HALF PAST DEAD
** (out of 5)
November 15, 2002
Steven Seagal as SASCHA PETROSEVITCH
Morris Chestnut as DONNY/49ER ONE
Ja Rule as NICK FRAZIER
Nia Peeples as 49ER SIX
Written and Directed by: Don Michael Paul
BY KEVIN CARR
The tag line for “Half Past Dead” is “The good. The bad. And the deadly.” They should have stuck with simply, “The Bad.”
The plot is another remake of Steven Seagal’s 1992 hit “Under Siege.” Seagal plays an incredibly oily Sascha Petrosevitch, a Russian car thief working for one of the largest crime syndicates in the world. His “sponsor” into the organization is street-punk-turned-gangster Nick (Ja Rule). When their latest car boost goes awry with an FBI bust, Nick and Sascha are arrested.
Flash forward two years to New Alcatraz. Yup, another film about the classic prison being reopened for business. Sascha and Nick are now doing hard time together. In addition, there is a death row inmate named Lester (Bruce Weitz) to be executed for the robbery of $200 million and the death of 5 federal agents. Before he can be sizzled, mercenaries calling themselves The 49ers break into the prison and take everyone hostage in hopes that Lester will tell them where he hid the money.
Meanwhile, Sascha rallies the rag-tag group of prisoners to retake the prison and save the hostages.
After Seagal’s reinvention of his career with last year’s “Exit Wounds” (which probably owes more of it’s success to DMX than Seagal), he has found a new niche – the urban action film. Mark my words: It’s only a matter of time before we see Seagal take the screen with Martin Lawrence in another buddy film.
Although Ja Rule and Seagal have decent chemistry, listening to their excruciating dialogue is like hearing a formal debate between Bob Dylan and Ozzy Osbourne. Finally, producers have found someone who mumbles as much as Seagal. Maybe they wanted to make him look (or rather, sound) better.
The PG-13 rating is just plain irresponsible considering the level of violence and gunplay, which dovetails into the root problem of this film. It glorifies violent criminals, turning them into heroes in the end. Until you find out that Sascha is actually an FBI agent deep undercover (a surprise almost as shocking as Rosie O’Donnell admitting she is gay), there are no good guys. We have a gang of murderers, rapists and thieves, and we’re supposed to root for them simply because they’re the underdogs. Is this our definition of a movie for an urban or black audience? A movie with criminals as the main characters? What is movie marketing coming to?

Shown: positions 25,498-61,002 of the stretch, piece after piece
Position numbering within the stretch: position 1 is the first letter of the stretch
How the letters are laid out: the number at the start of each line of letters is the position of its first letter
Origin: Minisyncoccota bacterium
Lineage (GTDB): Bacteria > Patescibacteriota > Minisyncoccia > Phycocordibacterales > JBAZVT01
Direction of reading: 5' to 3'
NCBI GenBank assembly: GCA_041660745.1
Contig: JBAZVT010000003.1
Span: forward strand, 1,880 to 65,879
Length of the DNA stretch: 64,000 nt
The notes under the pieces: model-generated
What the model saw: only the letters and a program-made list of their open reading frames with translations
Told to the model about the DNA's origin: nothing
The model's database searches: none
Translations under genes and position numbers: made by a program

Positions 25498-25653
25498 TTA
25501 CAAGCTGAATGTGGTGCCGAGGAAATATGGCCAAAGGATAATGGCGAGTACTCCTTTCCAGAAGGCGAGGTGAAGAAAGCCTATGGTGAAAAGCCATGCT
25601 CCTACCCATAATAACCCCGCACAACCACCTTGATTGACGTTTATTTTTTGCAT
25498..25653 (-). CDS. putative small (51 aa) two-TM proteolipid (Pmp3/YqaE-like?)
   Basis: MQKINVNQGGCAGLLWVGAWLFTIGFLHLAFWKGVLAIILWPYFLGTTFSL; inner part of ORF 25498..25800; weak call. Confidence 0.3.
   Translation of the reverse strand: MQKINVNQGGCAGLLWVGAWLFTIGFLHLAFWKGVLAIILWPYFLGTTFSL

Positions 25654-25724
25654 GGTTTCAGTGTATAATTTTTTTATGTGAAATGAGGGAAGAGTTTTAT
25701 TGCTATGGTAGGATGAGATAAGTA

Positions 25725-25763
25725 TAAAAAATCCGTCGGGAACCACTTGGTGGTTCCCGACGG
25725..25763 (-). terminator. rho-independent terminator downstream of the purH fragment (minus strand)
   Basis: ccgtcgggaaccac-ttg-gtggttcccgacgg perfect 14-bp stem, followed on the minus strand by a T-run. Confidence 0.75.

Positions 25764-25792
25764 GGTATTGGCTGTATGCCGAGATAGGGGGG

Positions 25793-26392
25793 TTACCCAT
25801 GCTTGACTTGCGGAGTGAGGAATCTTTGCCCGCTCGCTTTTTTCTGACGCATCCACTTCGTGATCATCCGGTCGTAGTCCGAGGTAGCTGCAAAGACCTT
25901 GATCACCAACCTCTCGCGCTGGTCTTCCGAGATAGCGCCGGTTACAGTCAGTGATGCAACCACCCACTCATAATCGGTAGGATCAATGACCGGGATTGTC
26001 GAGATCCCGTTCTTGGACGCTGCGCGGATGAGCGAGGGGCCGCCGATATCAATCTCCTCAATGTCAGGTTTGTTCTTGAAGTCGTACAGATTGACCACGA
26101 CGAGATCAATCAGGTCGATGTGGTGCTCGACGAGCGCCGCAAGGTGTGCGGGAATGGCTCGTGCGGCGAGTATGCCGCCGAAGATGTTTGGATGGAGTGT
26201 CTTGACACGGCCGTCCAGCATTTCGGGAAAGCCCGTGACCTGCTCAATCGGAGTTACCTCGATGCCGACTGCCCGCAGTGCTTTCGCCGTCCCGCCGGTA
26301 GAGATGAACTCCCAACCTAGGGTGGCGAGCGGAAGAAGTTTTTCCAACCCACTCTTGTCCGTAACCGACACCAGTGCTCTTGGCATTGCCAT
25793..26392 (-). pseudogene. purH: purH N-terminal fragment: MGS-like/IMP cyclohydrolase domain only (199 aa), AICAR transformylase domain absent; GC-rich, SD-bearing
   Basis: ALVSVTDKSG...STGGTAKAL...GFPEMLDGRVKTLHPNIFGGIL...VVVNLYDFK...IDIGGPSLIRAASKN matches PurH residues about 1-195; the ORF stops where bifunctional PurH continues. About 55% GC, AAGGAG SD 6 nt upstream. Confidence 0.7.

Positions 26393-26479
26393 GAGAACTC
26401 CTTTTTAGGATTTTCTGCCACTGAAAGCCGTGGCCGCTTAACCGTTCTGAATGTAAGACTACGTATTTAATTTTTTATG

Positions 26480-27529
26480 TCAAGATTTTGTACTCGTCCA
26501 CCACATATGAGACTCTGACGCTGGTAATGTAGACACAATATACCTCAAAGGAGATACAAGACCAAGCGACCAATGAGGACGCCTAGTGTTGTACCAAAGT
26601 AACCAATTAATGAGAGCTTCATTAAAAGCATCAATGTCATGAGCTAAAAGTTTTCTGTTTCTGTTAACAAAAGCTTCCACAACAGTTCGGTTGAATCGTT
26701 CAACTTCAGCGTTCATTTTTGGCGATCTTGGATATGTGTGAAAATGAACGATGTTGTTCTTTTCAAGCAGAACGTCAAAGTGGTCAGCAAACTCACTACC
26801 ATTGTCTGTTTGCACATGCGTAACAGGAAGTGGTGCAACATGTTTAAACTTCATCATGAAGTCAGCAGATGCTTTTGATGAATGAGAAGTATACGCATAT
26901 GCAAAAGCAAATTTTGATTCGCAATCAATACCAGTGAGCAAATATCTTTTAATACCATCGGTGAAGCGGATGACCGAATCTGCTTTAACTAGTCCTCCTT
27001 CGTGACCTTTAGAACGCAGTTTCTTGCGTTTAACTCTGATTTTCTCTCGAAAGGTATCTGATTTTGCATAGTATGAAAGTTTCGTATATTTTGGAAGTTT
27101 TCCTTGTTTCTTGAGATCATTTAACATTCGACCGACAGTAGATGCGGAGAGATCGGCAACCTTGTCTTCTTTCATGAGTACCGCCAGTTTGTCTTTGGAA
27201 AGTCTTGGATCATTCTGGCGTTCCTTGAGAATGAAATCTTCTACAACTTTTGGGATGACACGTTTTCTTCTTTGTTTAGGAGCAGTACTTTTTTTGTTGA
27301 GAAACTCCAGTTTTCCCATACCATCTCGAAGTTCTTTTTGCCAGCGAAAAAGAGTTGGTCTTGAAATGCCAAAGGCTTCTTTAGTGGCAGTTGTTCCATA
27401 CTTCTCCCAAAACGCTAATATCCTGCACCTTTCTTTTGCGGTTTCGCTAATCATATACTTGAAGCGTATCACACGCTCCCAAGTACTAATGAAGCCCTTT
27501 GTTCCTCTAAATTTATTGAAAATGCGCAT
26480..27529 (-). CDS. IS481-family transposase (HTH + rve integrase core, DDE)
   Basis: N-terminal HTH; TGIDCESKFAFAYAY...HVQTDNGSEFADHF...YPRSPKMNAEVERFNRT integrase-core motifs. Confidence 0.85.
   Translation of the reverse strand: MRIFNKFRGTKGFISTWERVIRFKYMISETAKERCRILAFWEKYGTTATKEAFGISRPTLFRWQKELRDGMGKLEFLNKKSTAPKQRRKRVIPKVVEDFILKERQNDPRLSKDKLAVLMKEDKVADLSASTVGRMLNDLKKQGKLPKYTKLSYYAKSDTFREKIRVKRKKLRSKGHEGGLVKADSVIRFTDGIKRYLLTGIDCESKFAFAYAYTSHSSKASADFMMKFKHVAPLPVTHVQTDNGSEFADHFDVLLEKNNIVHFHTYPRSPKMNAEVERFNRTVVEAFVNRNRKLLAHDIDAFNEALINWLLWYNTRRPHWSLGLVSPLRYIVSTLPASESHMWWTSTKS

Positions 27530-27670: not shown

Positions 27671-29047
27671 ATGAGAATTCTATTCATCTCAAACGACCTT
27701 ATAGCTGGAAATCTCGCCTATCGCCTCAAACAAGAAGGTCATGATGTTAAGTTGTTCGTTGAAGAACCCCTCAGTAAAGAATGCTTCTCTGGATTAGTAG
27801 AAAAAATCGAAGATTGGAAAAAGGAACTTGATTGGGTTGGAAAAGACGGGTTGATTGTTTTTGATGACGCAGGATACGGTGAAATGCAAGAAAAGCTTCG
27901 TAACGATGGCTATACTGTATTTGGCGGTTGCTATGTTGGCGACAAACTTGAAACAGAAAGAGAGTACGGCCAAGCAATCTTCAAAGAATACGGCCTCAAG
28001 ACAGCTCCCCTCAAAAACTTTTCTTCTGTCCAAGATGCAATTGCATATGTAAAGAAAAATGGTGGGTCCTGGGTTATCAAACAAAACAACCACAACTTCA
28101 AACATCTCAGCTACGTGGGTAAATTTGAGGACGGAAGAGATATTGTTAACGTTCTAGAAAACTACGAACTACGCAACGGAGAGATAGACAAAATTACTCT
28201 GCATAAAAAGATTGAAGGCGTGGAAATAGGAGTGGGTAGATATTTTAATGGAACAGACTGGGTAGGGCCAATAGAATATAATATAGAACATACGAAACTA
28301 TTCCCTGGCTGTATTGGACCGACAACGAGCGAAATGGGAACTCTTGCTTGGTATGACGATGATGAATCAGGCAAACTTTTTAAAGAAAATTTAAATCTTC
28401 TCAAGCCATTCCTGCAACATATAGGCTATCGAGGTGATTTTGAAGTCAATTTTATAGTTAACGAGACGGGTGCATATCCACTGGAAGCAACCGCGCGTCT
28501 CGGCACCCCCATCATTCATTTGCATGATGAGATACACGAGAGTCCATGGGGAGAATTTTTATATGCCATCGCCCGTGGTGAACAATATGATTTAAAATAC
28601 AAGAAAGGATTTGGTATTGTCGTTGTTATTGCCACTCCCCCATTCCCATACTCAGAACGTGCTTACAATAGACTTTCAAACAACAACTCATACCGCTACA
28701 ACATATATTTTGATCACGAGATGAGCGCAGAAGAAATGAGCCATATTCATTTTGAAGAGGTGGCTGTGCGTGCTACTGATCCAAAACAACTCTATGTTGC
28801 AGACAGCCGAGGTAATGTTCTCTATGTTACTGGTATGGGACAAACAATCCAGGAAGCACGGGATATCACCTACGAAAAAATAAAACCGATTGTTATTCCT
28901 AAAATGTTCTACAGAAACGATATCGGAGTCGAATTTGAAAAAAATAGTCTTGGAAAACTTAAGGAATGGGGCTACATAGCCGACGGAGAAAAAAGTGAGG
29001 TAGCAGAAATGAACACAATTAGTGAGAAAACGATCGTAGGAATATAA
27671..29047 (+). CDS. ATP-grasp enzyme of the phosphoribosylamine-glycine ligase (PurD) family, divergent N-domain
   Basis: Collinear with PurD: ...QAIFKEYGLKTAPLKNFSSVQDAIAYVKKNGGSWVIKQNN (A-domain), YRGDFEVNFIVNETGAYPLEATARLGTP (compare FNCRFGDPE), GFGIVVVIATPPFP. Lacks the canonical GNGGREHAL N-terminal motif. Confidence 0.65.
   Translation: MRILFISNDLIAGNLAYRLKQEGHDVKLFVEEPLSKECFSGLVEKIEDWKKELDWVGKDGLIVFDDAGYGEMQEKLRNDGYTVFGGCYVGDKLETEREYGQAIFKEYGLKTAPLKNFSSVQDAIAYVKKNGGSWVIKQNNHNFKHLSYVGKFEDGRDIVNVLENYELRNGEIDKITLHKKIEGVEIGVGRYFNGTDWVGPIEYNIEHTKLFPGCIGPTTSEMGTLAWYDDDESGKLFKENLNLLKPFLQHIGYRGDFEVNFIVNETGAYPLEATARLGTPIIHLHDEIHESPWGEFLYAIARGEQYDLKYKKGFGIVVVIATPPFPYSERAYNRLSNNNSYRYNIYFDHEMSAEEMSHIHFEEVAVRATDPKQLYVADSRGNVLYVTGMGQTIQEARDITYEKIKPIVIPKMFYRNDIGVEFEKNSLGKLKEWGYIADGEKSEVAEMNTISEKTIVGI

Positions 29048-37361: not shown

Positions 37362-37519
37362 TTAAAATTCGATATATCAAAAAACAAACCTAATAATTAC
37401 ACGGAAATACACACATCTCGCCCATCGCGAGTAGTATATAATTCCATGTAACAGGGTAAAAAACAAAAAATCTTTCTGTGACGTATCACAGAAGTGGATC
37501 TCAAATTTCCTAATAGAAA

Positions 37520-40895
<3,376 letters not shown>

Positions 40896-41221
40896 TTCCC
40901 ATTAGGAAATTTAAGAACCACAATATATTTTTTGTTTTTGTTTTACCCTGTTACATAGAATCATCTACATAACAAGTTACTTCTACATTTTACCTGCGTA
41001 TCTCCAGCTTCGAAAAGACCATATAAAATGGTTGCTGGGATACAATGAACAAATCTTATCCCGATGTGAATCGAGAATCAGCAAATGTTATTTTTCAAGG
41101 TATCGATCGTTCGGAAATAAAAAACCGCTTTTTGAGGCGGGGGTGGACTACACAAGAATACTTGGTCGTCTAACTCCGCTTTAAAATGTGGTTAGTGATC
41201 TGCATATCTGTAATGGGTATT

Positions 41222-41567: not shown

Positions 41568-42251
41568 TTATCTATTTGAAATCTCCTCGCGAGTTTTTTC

If you want to see plenty of gunfire and explosions, this is your bag. However, even for action fans, there are shootouts that drag on and on with bullets flying at nothing in particular. The 49ers are sometimes incredibly accurate (like when Nia Peeples manages to assassinate three guards from a spinning parachute) and other times worse shots than the Stormtroopers in “Star Wars” (like when Morris Chestnut can’t machinegun Seagal’s 300-pound carcass running down a narrow corridor).
There are some good things to this film, however, many of which involve a still hot 40+ Nia Peeples kicking butt in tight leather with a barenaked midriff. And the action is still pretty decent. The plot is actually what grinds this one to a halt. Still, this is better than many of Seagal’s earlier films like “The Patriot,” “The Glimmer Man” and the dreadful “On Deadly Ground.”
Of course, the original reason for a Steven Seagal movie (i.e., martial arts moves) was lost long ago when Seagal started packing on the pounds. Now, his only martial arts move left involves flapping his arms around like the Three Stooges. Plus, in this film, he is constantly shot in shadows and in close up to obscure his colossal belly.
There is one point I would very much like to congratulate the filmmakers on. It is very, very, VERY refreshing to see an action movie nowadays that doesn’t have so much wire work that it becomes ludicrous (like in “Charlie’s Angels” and “The Musketeer”). While “Half Past Dead” dips into many pots to use old action stand-bys, they resist the urge to have the actors literally fly around the room. But maybe this was because they couldn’t find a rig strong enough to lift Seagal.